The Consolidated Appropriations Act of 2021(approved in late 2020) allowed employers to claim both the Paycheck Protection Program loan and the ERTC, just not on the same employee wages.
In March 2021, Congress approved the American Rescue Plan (ARP) Act, which created the definition of Recovery Startup Business and included it as a means to claim the Employee Retention Tax Credit.
The Infrastructure Investment and Jobs Act amended the ERTC one last time to end eligibility at the end of 2021’s third quarter, EXCEPT for Recovery Startup Businesses. Recovery Startups can claim the ERTC for the third and fourth quarters of 2021.
How much is the Employee Retention Tax Credit for Recovery Startups?
Employers can receive a 70 percent refund on a maximum of $10,000 per employee per calendar quarter for the last two quarters of 2021. Congress placed a $50,000 cap on Recovery Startup tax credits per quarter. But $100,000 in tax credits is nothing to sneeze at.
For example, if you qualify as a Recovery Startup Business in Q3 of 2021:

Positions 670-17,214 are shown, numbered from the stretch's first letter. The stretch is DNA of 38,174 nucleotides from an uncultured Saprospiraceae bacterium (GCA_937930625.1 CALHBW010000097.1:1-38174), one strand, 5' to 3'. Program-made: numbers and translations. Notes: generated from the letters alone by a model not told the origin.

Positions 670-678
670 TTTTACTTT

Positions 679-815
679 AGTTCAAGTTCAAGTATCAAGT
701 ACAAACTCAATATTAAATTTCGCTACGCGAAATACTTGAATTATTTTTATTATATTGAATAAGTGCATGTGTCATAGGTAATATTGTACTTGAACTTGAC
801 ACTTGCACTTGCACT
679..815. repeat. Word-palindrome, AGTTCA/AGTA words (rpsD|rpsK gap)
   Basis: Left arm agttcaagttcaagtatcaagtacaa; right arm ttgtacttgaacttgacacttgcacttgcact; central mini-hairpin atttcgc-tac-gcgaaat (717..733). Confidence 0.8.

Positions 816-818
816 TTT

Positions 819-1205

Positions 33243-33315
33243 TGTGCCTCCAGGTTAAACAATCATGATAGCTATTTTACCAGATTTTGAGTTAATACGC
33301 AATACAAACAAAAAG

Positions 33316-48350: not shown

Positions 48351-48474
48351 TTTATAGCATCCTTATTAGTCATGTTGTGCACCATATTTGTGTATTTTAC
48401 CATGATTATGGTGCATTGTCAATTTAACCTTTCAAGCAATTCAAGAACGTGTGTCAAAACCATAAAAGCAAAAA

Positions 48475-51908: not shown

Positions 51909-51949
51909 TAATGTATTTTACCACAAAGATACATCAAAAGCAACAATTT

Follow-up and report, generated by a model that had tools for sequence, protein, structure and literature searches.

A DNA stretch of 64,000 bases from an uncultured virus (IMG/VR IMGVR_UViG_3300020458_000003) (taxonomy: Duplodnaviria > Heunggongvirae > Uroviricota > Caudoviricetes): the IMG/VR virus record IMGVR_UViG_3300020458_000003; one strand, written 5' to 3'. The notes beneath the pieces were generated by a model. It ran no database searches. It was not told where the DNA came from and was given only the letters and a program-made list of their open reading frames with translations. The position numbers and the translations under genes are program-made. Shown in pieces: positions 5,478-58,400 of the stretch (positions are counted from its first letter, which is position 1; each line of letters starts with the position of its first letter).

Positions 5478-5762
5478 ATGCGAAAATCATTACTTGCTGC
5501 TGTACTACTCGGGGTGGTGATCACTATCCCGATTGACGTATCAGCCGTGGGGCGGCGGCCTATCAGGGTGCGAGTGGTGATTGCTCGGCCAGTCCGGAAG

You employed 8 “average full-time” employees.
Each employee earned $10,000 in wages (& tips) during Q3.
70 percent refund on $80,000 or
(8 EEs x $7,000 ) = $56,000
As a Recovery Startup, your max refund is $50,000.
If you qualify as a Recovery Startup in Q4 of 2021:
You employed 5 “average full-time” employees.
Each employee earned $10,000 in wages and tips during Q4.
70 percent refund on $50,000 or
(5EEs x $7,000) = $35,000
What are eligible wages?
In qualifying quarters, eligible wages are all wages and health insurance benefits paid to an employee working for a small business. This does include tips paid out through payroll.
What does the IRS mean by “average full-time employee”?
Full-time employees work at least 130 hours per month. Add all the employees that worked more than 130 hours per month and divide by 12; this is your average number of full-time employees and how to determine if you are a large or small business.